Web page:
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digitalmars.D.learn - Implicit Conversions in Struct Construction

reply "Michael" <pongad gmail.com> writes:
Hello,
   I have been playing around with templated range. I am not quite 
sure why the following code does not work:

template isIntLike(T) {
	enum isIntLike = is(typeof({
		T t = 0;
		t = t+t;
		// More if needed
	}));
}

auto fib(T = int)() if (isIntLike!T) {
	struct Fib {
		T a, b;
		
		T front() {return b;}
		bool empty() {return false;}
		
		void popFront() {
			T c = a+b;
			a = b;
			b = c;
		}
	}
	return Fib(0, 1);
}

This code does not work if I call fib!BigInt(). The compiler 
complains that 0 cannot be implicitly converted into a BigInt. It 
is right of course, but BigInt has a constructor accepting a 
long, so shouldn't this work anyway? What is the correct way to 
write this function?

Thank you all for your time,
Michael
Oct 18 2012
next sibling parent Jonathan M Davis <jmdavisProg gmx.com> writes:
On Friday, October 19, 2012 05:44:10 Michael wrote:
 Hello,
    I have been playing around with templated range. I am not quite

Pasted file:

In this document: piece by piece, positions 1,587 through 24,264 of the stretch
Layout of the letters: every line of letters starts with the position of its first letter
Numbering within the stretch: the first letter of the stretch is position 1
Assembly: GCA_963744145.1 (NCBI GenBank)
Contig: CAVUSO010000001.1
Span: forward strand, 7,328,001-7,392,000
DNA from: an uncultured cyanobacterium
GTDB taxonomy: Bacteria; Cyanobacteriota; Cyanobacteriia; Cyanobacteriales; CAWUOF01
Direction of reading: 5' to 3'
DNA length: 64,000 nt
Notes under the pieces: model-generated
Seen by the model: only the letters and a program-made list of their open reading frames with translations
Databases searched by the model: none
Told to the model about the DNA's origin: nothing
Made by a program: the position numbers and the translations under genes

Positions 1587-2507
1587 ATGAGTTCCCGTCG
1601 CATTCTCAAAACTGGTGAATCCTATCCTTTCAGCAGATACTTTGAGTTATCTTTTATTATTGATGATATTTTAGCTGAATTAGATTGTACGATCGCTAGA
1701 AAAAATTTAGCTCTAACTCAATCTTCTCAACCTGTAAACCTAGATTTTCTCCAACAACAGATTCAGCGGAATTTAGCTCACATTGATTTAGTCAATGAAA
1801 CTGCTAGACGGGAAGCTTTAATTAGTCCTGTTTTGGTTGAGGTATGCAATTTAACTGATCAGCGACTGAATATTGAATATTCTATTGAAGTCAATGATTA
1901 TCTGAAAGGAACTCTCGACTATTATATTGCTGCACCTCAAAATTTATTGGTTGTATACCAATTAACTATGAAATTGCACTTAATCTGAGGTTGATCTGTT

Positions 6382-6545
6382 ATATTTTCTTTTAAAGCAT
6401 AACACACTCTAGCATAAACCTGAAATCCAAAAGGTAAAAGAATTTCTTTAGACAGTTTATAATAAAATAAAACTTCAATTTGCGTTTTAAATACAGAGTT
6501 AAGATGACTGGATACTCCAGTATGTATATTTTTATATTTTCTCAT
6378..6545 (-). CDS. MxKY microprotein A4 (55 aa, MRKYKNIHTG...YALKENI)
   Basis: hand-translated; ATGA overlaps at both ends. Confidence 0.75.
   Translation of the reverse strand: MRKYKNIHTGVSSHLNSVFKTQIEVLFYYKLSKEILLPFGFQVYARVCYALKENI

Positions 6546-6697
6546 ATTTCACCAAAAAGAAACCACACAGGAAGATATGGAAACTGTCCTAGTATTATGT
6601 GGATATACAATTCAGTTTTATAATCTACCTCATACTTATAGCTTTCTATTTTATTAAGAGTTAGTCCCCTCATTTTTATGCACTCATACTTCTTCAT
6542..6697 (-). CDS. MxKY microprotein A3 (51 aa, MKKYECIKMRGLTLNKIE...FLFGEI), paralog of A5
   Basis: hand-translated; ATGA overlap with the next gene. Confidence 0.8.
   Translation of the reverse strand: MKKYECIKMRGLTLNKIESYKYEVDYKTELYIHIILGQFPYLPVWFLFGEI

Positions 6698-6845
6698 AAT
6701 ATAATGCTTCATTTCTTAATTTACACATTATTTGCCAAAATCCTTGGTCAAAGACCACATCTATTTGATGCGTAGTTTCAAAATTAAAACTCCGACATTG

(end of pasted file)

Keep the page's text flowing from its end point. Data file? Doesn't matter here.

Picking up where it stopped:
sure why the following code does not work:
 
 template isIntLike(T) {
 	enum isIntLike = is(typeof({
 		T t = 0;
 		t = t+t;
 		// More if needed
 	}));
 }
 
 auto fib(T = int)() if (isIntLike!T) {
 	struct Fib {
 		T a, b;
 
 		T front() {return b;}
 		bool empty() {return false;}
 
 		void popFront() {
 			T c = a+b;
 			a = b;
 			b = c;
 		}
 	}
 	return Fib(0, 1);
 }
 
 This code does not work if I call fib!BigInt(). The compiler
 complains that 0 cannot be implicitly converted into a BigInt. It
 is right of course, but BigInt has a constructor accepting a
 long, so shouldn't this work anyway? What is the correct way to
 write this function?

Constructors aren't implicitly called in D like they are in C++. If you have a function which takes a BigInt, it won't accept anything except a BigInt and something which implicitly converts to a BigInt (which would mean that the type had an alias this which converted it to BigInt). So, Fib(0, 1) will never work for Fib!BigInt. It would require Fib(BigInt(0), BigInt(1)), which you obviously can't do in generic code. However, you can use std.conv.to to do the conversion, so it becomes Fib(to!T(0), to!T(1)), and that should work (to will call the constructor if the constructor accepts the type that you're giving it). But if you do that, you should probably adjust isIntLike to also test that to!T(0) works. - Jonathan M Davis
Oct 18 2012
prev sibling next sibling parent =?UTF-8?B?QWxpIMOHZWhyZWxp?= <acehreli yahoo.com> writes:
On 10/18/2012 08:44 PM, Michael wrote:

 auto fib(T = int)() if (isIntLike!T) {
 struct Fib {
 T a, b;

// ...
 return Fib(0, 1);
 }

 This code does not work if I call fib!BigInt(). The compiler complains
 that 0 cannot be implicitly converted into a BigInt. It is right of
 course, but BigInt has a constructor accepting a long, so shouldn't this
 work anyway? What is the correct way to write this function?